Are you ready to rally? Badminton is back in vogue.
While you might not have played badminton since fourth grade P.E. or an eons-ago family picnic, these days more than 9 million people in the United States can be found batting a birdie around in their backyards.
The reason for the renaissance is simple: Few backyard sports are easier to learn and cheaper to get into, yet more challenging to master, than badminton.
Richard and Joyce Dentt had played volleyball for years. They even had set up a volleyball court in their Southern California yard. When they became interested in badminton, they lowered the existing net to 5 feet 1 inch, converting their court into a badminton-ready place to play. Richard says that because badminton is an activity anyone can play, their yard is now a social center.
Other homeowners across America are discovering what the Dentts learned. Played as either singles or doubles, badminton attracts people of all ages and abilities. Rules are minimal, and strokes are few.
Price is also fueling badminton's popularity. It can cost between $35 and $70 to purchase a complete set, including the net, posts, four rackets, and a few shuttlecocks (birdies) at discount home stores and sports shops. Professional sports stores sell higher-quality rackets, birdies, and nets separately. If the game turns into a regular event at your house, it may be worth it to invest in longer-lasting equipment.
To get started you will need ample flat lawn space -- a regulation court is 44 x 20 feet (or 17 feet wide for singles) -- preferably in a nonwindy area; a net hung at a height of 5 feet 1 inch (a volleyball net will work, but the holes are larger, and the shuttlecock is prone to pass through), two posts, two to four rackets (depending whether you'll play singles or doubles), and a shuttlecock. The court can be shorter than 44 feet if the yard limits length.
To delineate the lines of the court, homeowners can mow the lawn a contrasting direction or mark lines using flour or a temporary water base lawn spray paint sold at home and garden centers.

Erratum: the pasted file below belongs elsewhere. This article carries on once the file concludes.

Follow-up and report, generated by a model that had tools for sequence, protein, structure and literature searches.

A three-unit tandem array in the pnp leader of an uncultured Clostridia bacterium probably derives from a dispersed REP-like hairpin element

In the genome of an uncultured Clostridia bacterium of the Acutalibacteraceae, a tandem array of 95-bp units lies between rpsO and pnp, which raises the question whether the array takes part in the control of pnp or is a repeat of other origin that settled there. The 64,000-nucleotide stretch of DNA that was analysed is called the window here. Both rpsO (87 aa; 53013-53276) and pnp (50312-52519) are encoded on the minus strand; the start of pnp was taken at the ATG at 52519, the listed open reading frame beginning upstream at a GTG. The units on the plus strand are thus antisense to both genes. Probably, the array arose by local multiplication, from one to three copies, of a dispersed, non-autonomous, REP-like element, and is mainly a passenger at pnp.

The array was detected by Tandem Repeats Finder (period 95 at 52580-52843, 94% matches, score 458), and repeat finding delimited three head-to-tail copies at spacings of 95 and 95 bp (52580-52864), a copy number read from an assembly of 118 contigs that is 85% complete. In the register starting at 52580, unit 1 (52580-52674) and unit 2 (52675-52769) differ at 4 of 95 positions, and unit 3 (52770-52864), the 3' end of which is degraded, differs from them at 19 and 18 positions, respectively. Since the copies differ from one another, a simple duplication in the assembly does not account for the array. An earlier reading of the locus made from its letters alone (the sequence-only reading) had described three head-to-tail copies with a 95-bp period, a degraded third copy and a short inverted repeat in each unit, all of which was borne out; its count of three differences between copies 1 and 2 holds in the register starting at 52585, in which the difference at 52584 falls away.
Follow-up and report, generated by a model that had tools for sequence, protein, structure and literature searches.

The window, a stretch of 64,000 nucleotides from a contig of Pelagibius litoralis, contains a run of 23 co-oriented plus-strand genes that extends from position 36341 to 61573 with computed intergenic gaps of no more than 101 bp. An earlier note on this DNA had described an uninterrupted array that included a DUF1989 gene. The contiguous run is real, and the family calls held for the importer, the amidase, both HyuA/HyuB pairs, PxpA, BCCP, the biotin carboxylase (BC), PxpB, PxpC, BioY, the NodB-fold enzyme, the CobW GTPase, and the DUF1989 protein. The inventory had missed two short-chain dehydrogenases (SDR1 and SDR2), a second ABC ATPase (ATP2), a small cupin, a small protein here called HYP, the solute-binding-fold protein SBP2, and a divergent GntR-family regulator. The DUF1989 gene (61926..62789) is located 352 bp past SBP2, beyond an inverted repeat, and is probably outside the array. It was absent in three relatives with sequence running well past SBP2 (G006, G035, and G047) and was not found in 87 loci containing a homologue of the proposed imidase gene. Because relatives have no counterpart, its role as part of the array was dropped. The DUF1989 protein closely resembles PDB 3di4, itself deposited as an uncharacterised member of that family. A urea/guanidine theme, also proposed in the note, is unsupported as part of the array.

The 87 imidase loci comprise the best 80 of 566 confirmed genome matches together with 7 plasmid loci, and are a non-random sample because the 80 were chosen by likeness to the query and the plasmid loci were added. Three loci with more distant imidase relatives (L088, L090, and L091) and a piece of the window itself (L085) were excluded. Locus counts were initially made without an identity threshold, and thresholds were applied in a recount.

Pick up your racket, and grab a partner and two opponents; it's time to hit a birdie back and forth. To begin the game, toss a coin. The winning team can either serve first or pick the side of the court they'd like to play from first. Once the serve and positioning are decided, follow these rules to play the game. (These rules for backyard play apply to doubles or singles. The only difference is a court's size -- a doubles court is 20 feet wide; a singles court is 17 feet wide.)
Serving. A server should always start the game from the right side of the court; the receiver should be positioned diagonally. A server must use an underhand serve, and a receiver must remain still until the shuttlecock is stuck. All players may move after the shuttlecock is served.
Scoring. Only the serving team can score points. Upon a successful serve, the teams hit the shuttlecock back and forth, or rally. If the serving team wins the really, it scores a point and serves again, but from the alternate service court. If the receiving team wins the rally, no point is scored, and the receiving team becomes the serving team. Typically a game is won when 15 points are reached. If the score reaches 14-14, the side first achieving 14 chooses either win at 15 or win by two. The teams witch sides after each game. There are three games to a match; the team that wins two games wins the match.
Losing the rally. There are several ways to fault, or lose a rally. If the serving team's birdie is hit past the boundary line, if a player or a player's clothing touches the birdie, or if the birdie hits or goes under the net, the rally stops. If the receiving team doesn't return the shuttlecock over the net or allows it to fall to the ground, the rally is over. The serving team scores and continues to serve until it loses a rally.